Some former miners have found jobs. My hon. Friend the Member for Middlesbrough talked about the work of the Coalfield Communities Campaign, which found that half the miners have found work, but are paid one third less than when they worked for British Coal. This year, Derbyshire county council produced a report with similar findings, showing that miners earn half what they earned down the pit, so there are real and continuing problems.

There is a severe loss of income into the local economy. One has only to walk around coalfield communities to see the number of shops that have shut to see how difficult things are.

Some miners have been more fortunate. I have with me the minutes of a meeting held on 11 January 1993. It was agreed at the meeting that the former miner concerned was to receive good redundancy terms and excellent pension arrangements from British Coal, together with a car and a new house. He has gone on to be appointed by the Government to work on industrial tribunals at £80 a day, and has been appointed to the Coal Authority at £5,500 a year. He is also employed by the Prince's Youth Business Trust as a business advisor at £20,000 a year. That post is funded by British Coal Enterprises. As well as his redundancy package, this gentleman is now receiving nearly £30,000: he has been well looked after.

The man in question, Roy Lynk, is the former president of the Union of Democratic Mineworkers. I find it astonishing that he should get his pension and a house and a car and yet be paid nearly £30,000 from Government funds. There are people in the coal industry who say that he is being well looked after. I wish that the Government were looking after the other miners who have lost their jobs and who feel betrayed as well as they look after Mr. Roy Lynk.

I hope that the Minister will reflect on this and give another group of people a fair chance for the future. He will perhaps know that the British Association of Colliery Management is holding its annual conference at the moment. He has received letters from the president of the BACM about a small group of people who are members of what is known as the triple-S scheme—the staff superannuation scheme. They worked for British Coal right to the end of its life and were then transferred to new employers. They, like their colleagues, can get their pensions at 50 if they leave their jobs in, or are made redundant by, the successor company. But if they move from the successor company to another firm and then lose their jobs, they cannot take their pensions at 50.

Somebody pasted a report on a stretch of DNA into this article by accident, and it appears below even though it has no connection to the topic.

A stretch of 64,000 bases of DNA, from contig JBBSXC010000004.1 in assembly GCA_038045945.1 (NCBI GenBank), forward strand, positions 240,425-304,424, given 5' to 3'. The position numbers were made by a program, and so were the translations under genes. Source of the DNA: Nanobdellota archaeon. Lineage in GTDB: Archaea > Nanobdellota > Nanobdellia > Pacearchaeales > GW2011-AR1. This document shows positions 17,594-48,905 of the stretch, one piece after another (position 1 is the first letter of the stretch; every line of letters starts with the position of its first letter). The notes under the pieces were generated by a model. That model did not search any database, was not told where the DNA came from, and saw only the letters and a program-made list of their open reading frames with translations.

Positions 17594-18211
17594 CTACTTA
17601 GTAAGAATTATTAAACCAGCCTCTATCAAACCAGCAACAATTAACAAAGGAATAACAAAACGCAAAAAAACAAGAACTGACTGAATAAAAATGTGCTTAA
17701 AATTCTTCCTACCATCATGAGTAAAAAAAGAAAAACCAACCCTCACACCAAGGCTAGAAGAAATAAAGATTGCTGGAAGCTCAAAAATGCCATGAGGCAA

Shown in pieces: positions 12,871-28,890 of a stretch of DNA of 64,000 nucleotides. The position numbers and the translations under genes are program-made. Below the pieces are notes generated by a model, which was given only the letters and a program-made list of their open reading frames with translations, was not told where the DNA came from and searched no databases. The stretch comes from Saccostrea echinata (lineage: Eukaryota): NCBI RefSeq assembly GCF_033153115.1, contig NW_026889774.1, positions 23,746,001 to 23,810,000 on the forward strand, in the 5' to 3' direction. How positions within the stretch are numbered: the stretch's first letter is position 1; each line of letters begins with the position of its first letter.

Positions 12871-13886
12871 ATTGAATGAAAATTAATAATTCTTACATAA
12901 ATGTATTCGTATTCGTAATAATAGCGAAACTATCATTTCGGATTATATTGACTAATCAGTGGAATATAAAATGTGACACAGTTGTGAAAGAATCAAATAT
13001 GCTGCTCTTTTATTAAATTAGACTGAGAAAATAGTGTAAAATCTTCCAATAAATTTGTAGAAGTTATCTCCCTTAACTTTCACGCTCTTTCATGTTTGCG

Fewer than 3,000 people make up this small group. I hope that the Minister will treat them with equity and examine ways of enabling them to take their pensions at 50, like their colleagues do. The money is already there—it is in the pension fund. I hope that the Minister will therefore consider my suggestion, and take this opportunity to respond to an invitation from the BACM and the pension fund trustees to discuss the issue. I am dismayed to learn that he has so far not met them. The conference meets tomorrow. I hope that the Minister will take a step forward and announce that he is prepared to discuss the future with the conference.

Tonight we are discussing that future. There is a strong feeling in the coalfield communities that the Government have buried the deep coal industry deep and then tried to walk away from it. We in the coalfield communities are pragmatic and hardworking. We want more for our children than we have had. We need to invest in jobs and infrastructure to create a better future for them.